Here is my point. Nothing happened. One person (in the early days, it was me) sat behind the curtain, making the noise. After a few of the trendier theater journals reviewed my descent into nothingness, I was able to bring on a few stagehands to bang wooden spoons against my kitchen pots. Eventually, they wanted to be called actors, so I fired them and hired the one-eyed orphans. This was a play without a plot, actors, or any of the conventions of modern drama. I was going to ask my audience to stare at a closed curtain and listen to random sounds for two hours, all in the name of culture.

While the New York critics were harsh, we were huge in France. The French ate this up. The best negative review I’ve ever received came from Le Figaro. “Could less have occurred on stage?” It was a good question. Could I do nothing at all and still call it a drama? Would people pay to stare at a closed curtain with no sound or any physical interaction at all? Yes, I thought they would. I would go for all and nothing.

Why a remote village in northern Togo cobbled together enough Central African francs to buy the rights to produce a 10-year-old American play about nothing was beyond me. I had a theory. I once wrote a book on Dom Deluise as a recurring Christ figure in the Burt Reynolds’ Cannonball Run Story Saga. (I sold 12 copies, 4 of which were to Reynolds himself). Deluise’s comedy was widely revered throughout French-speaking West Africa, with his work featured in film festivals in Guinea, Ivory Coast, Togo, and Burkina Faso in alternating years.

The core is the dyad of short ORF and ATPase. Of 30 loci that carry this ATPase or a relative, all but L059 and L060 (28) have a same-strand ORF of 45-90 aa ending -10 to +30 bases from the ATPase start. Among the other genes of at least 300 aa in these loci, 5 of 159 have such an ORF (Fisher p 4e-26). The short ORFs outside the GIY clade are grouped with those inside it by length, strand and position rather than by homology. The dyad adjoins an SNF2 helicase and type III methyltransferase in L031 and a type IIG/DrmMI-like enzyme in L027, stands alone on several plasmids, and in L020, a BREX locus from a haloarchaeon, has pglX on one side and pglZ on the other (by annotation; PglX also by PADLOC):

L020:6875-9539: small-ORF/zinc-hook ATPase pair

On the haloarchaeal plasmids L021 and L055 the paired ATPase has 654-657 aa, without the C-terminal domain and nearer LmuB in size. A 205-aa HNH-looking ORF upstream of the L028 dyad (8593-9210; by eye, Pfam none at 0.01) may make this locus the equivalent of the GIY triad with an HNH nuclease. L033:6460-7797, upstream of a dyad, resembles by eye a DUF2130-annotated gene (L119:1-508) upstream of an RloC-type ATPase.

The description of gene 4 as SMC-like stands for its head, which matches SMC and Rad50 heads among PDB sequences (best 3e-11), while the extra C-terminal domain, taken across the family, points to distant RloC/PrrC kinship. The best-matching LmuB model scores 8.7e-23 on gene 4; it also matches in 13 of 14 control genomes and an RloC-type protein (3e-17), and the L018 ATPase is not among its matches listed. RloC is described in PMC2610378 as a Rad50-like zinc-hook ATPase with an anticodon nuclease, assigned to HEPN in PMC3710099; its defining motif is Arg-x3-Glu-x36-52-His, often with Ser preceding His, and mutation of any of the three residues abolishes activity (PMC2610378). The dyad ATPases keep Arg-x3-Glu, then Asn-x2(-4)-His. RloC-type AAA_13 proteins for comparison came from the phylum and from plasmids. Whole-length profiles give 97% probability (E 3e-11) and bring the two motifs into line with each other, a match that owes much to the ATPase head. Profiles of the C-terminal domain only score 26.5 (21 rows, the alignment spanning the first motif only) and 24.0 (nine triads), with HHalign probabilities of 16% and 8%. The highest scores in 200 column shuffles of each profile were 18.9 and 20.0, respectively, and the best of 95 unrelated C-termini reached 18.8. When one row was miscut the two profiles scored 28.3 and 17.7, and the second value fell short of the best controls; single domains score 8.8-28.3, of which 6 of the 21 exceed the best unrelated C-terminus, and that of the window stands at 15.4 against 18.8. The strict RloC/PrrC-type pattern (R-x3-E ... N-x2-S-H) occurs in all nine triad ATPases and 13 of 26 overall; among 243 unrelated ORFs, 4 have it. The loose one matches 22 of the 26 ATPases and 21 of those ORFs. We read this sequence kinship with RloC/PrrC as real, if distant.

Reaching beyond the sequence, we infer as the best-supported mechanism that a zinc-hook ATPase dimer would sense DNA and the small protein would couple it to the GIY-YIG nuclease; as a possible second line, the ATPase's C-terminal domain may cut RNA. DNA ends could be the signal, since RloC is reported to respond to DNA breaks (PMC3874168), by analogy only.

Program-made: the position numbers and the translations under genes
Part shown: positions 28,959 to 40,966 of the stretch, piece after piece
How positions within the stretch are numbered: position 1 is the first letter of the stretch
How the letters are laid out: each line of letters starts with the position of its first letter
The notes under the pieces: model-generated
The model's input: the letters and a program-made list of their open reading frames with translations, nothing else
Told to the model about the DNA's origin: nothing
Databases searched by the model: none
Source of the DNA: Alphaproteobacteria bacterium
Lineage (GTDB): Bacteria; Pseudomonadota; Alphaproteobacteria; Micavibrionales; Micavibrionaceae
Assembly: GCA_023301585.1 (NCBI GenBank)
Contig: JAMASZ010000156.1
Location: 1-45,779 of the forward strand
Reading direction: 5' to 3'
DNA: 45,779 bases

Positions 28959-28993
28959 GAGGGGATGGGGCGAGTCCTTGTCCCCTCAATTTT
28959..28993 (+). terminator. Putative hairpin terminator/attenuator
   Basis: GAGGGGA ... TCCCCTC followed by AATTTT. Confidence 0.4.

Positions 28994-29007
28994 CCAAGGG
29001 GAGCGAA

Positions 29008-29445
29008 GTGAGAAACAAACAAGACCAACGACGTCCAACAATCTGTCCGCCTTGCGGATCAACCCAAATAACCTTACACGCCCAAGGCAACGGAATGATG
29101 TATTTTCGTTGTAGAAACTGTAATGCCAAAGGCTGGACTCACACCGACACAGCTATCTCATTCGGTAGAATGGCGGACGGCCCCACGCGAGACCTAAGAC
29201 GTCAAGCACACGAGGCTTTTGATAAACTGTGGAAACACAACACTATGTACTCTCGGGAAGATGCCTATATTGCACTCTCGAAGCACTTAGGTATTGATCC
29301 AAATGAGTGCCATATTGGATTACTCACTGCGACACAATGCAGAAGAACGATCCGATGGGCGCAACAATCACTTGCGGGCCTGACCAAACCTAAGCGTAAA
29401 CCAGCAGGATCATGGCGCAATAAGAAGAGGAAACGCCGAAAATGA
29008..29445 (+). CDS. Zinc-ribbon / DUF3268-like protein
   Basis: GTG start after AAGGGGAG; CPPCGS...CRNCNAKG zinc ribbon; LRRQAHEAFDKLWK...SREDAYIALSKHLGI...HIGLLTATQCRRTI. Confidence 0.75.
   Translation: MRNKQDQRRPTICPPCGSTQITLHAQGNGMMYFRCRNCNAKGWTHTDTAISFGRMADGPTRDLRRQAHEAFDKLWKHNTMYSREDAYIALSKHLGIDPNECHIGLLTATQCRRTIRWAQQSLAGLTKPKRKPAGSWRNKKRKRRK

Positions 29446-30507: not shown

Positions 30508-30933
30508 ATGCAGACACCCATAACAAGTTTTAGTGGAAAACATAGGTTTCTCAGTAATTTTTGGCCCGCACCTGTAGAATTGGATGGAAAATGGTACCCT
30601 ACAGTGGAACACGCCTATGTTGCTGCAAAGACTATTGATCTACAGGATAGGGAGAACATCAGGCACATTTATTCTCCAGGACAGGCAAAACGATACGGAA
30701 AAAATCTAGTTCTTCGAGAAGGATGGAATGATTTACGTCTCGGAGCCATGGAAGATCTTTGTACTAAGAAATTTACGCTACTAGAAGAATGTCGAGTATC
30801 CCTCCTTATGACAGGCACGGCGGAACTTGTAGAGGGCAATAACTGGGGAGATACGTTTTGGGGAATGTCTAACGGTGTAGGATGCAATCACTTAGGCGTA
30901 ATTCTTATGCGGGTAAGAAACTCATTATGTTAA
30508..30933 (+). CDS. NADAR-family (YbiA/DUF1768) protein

Let me clear things up. I didn’t know where I was beyond a dank basement and hastily assembled theater somewhere on the northeast side of Togo’s capital, Lome. And even when I’m in Lome and watching a play I wrote, I couldn’t find myself on a map with a GPS if I had to.

One question still vexed me. Had the Togolaise seen any of my work? Did they know what they were getting into? How would they respond to spending their hard-earned money to get nothing in return? Plays about nothing are fine and dandy for first world theatergoers with disposable incomes. I can hear it now, “où est le dialogue?”
Were they expecting DeLuise to be a character?

Finally, someone asked, “When does the funny fat man arrive?”

He’s here, sitting in the corner, a piece of paper in his hand, furiously writing a part for a man named Santa Claus in a Christmas play about nothing.

 

The Late Modern Produce Machine

 

Bienvenue to the
produce machine.
I am broke do tell,
even today,
because I can’t spell:
zookene,
maters,
bale peprs,
taters,
hallo peno peprs,
or
them small blak things,
I confuse with large flies,
that look something like,
Little gray paes with black eyes.

–Richard Bryant